In the CHL Top Prospects game in 2004 in London, Rob Schremp was coming up the ice as part of Team Orr. As he crossed the blue line, Schremp scooped up the puck and cradled it on his stick. Then, lacrosse style, Schremp spun around and whipped a shot at the net.
Everyone who was there will remember the puck going wide.
The truth is, it was going in until it hit something — a stick, a body. Whichever it was, the puck just grazed it, but it was enough to change the trajectory of the shot and sent it past the post instead of inside the post.
That moment seemed to play itself out as Schremp’s NHL career began. He did some amazing things for the Edmonton Oilers, the New York Islanders and then the Atlanta Thrashers but something always seemed to deflect him away from a permanent National Hockey League job.
He went to MODO in Sweden in 2011 and began a true European tour. His skills made him a fan favourite everywhere he played. Schremp returned to the American Hockey League in 2015-16 and played in the All-Star game. He returned to Europe for two more seasons, but then made a decision that he called the “hardest he has ever had to make.”
Schremp announced his retirement from hockey on Tuesday, Nov. 13.
“I loved every bit of it. I loved getting ready for the game. The camaraderie, the competitiveness. Everything you get in hockey you battle for.”
Schremp came from Syracuse to the Ontario Hockey League as the first overall pick in the 2002 OHL Priority Selection. He brought with him a willingness to attempt wizardry on the ice.
But Schremp wasn’t just about the tricky stuff.
As Knights fan Dave Heald put it, “He had an office just like Ovechkin. His was on the other side of the ice. How many one-timers found the back of the net? He was a huge part of that team and will always be remembered as a London Knight great.”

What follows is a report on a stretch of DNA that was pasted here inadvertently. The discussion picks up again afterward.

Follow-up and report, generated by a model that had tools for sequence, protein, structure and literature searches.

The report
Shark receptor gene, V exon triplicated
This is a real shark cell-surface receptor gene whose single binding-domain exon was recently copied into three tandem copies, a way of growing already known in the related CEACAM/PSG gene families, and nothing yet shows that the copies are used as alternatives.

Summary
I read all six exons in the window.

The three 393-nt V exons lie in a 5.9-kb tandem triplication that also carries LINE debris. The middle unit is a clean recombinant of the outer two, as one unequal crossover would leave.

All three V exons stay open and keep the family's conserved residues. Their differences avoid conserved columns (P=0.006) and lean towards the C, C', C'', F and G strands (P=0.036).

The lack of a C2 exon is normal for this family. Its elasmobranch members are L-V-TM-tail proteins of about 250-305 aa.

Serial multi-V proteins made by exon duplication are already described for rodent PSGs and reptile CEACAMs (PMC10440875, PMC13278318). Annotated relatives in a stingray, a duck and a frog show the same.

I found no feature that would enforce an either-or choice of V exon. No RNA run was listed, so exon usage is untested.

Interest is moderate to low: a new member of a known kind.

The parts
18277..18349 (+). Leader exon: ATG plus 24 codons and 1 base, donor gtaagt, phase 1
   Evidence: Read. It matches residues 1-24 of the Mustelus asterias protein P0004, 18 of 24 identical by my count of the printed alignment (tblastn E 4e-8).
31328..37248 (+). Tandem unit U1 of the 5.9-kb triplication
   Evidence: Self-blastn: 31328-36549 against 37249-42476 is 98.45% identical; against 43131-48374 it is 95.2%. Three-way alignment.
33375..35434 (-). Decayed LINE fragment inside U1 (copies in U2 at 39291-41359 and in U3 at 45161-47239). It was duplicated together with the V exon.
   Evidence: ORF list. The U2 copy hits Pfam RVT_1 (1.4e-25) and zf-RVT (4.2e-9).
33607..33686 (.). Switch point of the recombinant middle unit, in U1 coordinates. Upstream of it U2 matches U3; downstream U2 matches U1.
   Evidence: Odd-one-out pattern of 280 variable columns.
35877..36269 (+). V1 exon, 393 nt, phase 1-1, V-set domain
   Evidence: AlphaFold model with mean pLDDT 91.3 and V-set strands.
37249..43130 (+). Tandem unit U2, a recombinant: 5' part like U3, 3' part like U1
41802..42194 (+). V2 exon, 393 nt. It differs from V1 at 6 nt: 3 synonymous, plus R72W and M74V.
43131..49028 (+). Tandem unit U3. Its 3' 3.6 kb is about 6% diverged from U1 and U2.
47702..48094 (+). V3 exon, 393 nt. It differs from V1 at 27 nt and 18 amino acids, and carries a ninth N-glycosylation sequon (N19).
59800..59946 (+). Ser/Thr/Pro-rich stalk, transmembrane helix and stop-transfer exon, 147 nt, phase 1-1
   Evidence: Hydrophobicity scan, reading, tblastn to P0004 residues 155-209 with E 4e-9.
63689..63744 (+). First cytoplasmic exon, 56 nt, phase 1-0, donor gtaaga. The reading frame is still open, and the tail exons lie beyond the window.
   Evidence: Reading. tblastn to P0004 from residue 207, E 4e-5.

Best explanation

Schremp put up 386 total points in the Ontario Hockey League in his time with the Ice Dogs and the Knights.
To put that in perspective, Corey Perry is London’s all-time scoring leader.
He had 380 points.
Schremp brought energy to his teams on and off the ice. In retiring, he admitted that was also a coping mechanism.
He wrote in a post on Facebook, ”My teammates have all known me as the team comedian, someone constantly providing the laughs and entertainment. This is a role I so desperately needed to help me battle my bouts of depression and anxiety. I find the silence so painful, so dark, that I need to fill the void with noise. I have always drowned out the palpable darkness with distraction. I viewed my struggles as a weakness, and like everything else; I played through it. I was not going to let depression or anxiety get in the way of my goals. My anxiety got so bad that I worried there was something really wrong with my brain. I was constantly battling myself, my brain felt like it kept skipping. After 20 years of suffering, I finally accepted it was too much, I needed help. I was prescribed anti-anxiety medication and antidepressants. The darkness lifted. I was playing some of the best hockey I had in years. I was no longer trapped in my own brain. I felt human and I was finally enjoying life.”
When asked how it felt to retire from the game that has been so much of his life for as long as he can remember, Schremp used the words, “It’s like an exhale.”
He is now focused on a new job as he helps to create an endocannabinoid nutrition line for athletes.
Hockey is not completely gone from his life. He isn’t quitting, he is retiring.
“I’m playing men’s league,” Schremp says with more than a hint of excitement.
Anyone who winds up on the other side of the ice had better do a little pre-scouting on YouTube. Schremp once scoring on that lacrosse spin-a-rama — on a 3-on-2 rush into the offensive zone. And he might try it again at any moment.
“You have to,” he says and you can just hear the smile spreading across his face. “You have to show them you still have it.”
Rob Schremp has it. And hockey has been lucky to have him.